On his birthday on June 5, 2021, one-year-old Richard Hutchinson smeared his fists into his colorful birthday cake and shoved the frosting into his mouth.
For cheering parents Beth and Rick Hutchinson, this was a more significant milestone than a birthday is for most families. Little Richard is a medical miracle.
Richard was born 131 days premature after his mother began experiencing medical complications, and doctors warned his parents their tiny baby’s survival rate was 0%. He weighed 11.9 ounces, a tenth of the average baby weight, and fit in the palm of an adult’s hand, Daily News reported.
He needed a ventilator to supply him with oxygen, and had nutrition delivered through an IV threaded through a vein at the Neonatal Intensive Care Unit (NICU) at Children’s Minnesota Hospital in Minneapolis.
Due to the coronavirus, his parents couldn’t stay with him overnight, so they drove across state lines every day to spend as much time as possible with their son. After six months, he was strong enough to go home. Though he still relies on a feeding tube, he is learning how to drink from a bottle.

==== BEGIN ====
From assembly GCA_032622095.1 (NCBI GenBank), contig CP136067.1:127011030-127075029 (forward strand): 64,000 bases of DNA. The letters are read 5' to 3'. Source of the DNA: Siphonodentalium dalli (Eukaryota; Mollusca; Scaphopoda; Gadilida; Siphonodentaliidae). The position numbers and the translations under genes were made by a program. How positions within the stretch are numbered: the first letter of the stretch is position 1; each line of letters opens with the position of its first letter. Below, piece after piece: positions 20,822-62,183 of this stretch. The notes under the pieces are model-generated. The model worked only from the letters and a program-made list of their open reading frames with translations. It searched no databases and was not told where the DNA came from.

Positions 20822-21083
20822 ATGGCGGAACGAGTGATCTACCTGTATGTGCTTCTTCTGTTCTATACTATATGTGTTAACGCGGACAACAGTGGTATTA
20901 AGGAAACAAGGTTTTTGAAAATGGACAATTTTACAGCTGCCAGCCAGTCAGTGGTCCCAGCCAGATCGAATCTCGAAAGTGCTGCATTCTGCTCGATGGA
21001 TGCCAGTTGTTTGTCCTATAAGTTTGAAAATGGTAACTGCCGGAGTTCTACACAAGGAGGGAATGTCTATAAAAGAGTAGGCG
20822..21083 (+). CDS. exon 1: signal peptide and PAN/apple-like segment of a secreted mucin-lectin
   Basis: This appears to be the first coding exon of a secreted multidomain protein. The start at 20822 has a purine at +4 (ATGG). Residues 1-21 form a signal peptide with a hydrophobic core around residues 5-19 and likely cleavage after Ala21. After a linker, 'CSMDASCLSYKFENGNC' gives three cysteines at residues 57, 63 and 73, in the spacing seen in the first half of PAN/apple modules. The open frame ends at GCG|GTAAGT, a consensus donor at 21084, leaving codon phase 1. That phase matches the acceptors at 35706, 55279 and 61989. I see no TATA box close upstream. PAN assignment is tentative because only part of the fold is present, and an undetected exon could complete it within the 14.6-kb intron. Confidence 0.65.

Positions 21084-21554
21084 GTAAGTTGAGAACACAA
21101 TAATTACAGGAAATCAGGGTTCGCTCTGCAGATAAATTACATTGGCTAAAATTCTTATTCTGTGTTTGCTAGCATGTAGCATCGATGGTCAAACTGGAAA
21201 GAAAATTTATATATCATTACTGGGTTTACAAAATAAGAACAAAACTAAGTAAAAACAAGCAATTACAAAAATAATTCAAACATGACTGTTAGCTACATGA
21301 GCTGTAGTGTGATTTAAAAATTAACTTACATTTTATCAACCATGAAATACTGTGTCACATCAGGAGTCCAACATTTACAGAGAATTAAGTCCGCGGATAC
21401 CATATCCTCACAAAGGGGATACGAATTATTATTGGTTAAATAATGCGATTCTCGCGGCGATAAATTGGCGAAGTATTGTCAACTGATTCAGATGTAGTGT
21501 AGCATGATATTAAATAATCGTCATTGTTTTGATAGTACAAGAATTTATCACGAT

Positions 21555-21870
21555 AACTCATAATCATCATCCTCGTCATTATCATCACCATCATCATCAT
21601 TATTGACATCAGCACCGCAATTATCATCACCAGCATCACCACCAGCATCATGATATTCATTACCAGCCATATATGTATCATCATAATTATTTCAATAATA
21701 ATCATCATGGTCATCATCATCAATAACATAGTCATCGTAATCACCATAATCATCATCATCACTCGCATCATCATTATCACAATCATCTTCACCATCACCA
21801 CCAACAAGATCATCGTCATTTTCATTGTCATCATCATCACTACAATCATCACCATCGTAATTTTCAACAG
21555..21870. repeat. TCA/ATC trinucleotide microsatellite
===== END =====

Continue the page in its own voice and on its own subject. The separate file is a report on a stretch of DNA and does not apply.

“I credit his miraculous survival to his wonderful parents who were there for him every step of the way and to the entire neonatology team at Children’s Minnesota,” said Richard’s doctor, Dr. Stacy Kern. “It takes a village to care for and support these babies until the time they are ready to go home.”
He is the most premature baby to survive. Beth told local news she wanted to publicize Richard’s survival in hopes of encouraging doctors to study how best to care for seriously premature babies and encourage their struggling parents.
“If it will help other doctors help other babies,” she said, “do it! Because that’s another baby that can go home with their parents.”
Updated Monday, June 21, 2021 at 11:12 am .
Updated Monday, June 21, 2021 at 11:14 am .